An X-ray is a common painless test that produces images of the structures inside your body — particularly your bones and other tissues in the body.
X-ray beams pass through your body, and they are absorbed by the tissues in the body depending on the density of those tissues. Dense materials, such as bone, show up as white on X-rays while less dense areas such as air in your lungs shows up as black. Fat and muscle appear as shades of gray.
At Open Imaging we have invested in the latest Digital Radiology (DR) equipment available. This DR system allows us to produce X-rays using the smallest amount of radiation possible.
Our new DR system has at least twice (2X) the dose efficiency of older Computed Radiology (CR) systems or that of traditional X-ray film. Ultimately this results in lower doses to the patient and more accurate X-rays.
Why Is an X-ray Performed?
Your doctor may order an X-ray to:
- examine an area where you’re experiencing pain or discomfort
- monitor the progression of a diagnosed disease, such as osteoporosis
- determine the healthiness of organs such as lungs etc.
Preparing For an X-ray
Plain X-rays are standard procedures that likely will not require any preparation. You may want to wear loose, comfortable clothing that you can easily move around in. If needed, we may ask you to change into comfortable scrubs at our center. We will also have you remove any jewelry or other metallic items from your body in the area where your X-ray will be taken.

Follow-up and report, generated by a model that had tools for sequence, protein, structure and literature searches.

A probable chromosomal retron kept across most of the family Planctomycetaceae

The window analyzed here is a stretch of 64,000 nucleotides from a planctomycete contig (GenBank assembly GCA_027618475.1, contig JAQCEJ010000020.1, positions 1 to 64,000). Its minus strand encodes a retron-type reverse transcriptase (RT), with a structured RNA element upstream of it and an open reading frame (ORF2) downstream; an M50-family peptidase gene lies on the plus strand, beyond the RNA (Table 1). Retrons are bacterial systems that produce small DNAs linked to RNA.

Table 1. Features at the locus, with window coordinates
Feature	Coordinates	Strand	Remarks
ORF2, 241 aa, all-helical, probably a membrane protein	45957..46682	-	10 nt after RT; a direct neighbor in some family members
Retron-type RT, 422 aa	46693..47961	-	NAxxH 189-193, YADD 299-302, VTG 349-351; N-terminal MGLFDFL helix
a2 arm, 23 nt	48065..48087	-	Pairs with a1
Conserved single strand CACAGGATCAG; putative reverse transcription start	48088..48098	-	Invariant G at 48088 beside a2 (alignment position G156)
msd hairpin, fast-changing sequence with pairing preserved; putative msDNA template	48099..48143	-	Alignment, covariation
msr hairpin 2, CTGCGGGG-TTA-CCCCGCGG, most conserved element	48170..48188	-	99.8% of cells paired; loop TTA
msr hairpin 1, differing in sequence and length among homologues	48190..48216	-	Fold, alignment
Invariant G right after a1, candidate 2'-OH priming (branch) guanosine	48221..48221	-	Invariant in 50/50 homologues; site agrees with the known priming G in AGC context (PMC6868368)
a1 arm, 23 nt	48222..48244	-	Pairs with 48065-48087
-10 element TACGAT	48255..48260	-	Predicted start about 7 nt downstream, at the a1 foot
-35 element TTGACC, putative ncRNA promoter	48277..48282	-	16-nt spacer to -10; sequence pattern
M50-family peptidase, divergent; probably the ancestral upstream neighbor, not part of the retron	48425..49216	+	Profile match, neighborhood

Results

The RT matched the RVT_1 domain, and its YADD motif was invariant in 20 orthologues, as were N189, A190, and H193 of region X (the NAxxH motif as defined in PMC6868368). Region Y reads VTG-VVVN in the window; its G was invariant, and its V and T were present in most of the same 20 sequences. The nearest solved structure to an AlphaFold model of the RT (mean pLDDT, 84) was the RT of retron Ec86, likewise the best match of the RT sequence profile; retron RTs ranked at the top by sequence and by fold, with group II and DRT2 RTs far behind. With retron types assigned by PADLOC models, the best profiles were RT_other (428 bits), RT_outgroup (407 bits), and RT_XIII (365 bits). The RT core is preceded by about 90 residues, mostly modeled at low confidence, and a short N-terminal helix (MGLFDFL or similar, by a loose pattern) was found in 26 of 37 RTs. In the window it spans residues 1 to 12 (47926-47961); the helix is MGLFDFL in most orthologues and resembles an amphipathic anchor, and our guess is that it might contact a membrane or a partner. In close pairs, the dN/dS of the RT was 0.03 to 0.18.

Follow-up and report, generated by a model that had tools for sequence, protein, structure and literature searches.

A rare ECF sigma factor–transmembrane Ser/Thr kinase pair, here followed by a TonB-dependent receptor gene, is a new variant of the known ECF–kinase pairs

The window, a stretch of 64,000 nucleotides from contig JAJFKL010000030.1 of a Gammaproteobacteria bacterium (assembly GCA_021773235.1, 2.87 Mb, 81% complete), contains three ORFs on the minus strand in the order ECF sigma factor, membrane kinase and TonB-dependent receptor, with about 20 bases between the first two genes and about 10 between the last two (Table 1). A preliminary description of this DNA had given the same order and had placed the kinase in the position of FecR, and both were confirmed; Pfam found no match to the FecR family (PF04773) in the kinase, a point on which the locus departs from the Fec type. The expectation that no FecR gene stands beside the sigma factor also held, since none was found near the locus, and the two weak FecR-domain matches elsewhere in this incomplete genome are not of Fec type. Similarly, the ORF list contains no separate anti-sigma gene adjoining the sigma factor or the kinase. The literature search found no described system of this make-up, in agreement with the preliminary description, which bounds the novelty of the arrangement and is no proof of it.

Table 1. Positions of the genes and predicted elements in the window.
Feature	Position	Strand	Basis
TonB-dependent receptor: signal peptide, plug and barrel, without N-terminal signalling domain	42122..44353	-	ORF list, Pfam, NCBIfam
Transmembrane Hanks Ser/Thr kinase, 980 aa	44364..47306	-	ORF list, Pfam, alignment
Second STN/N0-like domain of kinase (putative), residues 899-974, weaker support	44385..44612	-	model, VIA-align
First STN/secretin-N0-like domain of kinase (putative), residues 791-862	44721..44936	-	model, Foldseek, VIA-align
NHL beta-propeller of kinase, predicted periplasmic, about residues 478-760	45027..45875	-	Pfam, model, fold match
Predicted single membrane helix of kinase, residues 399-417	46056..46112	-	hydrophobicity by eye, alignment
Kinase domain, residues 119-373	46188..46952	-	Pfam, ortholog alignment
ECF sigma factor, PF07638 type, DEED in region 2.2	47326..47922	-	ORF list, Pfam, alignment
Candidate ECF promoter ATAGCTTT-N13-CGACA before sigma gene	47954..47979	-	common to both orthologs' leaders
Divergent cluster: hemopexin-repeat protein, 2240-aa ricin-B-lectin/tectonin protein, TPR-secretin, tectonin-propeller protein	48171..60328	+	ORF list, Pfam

Please inform us if you are pregnant or think you might be pregnant.
How Is the Procedure Performed?
Our X-ray technologist will tell you where to sit and how to position your body to create the most detailed and accurate images possible. We may ask you to lie, sit, or stand in several positions during the test. If you are having a chest X-ray we will ask you to stand in front of a specialized plate that contains a specialized X-ray sensor. It’s important to stay still while the images are being taken and hold your breath if asked. This will provide the clearest images possible.
Risks of an X-ray Exam
Some people worry that X-rays aren’t safe because radiation exposure may cause cell mutations leading to cancer. The amount of radiation you are exposed to during an X-ray is very minimal and depends on the X-ray exam being performed.
Radiation exposure from an X-ray is low, and the benefit from these tests far outweigh the risks. Open Imaging has invested in the latest technology that minimizes the amount of radiation used so that the risk is kept to an absolute minimum.
However, if you’re pregnant or suspect that you may be pregnant, please inform us before having an X-ray. If necessary we can consult with your doctor to determine if other tests might result in less risk to the fetus.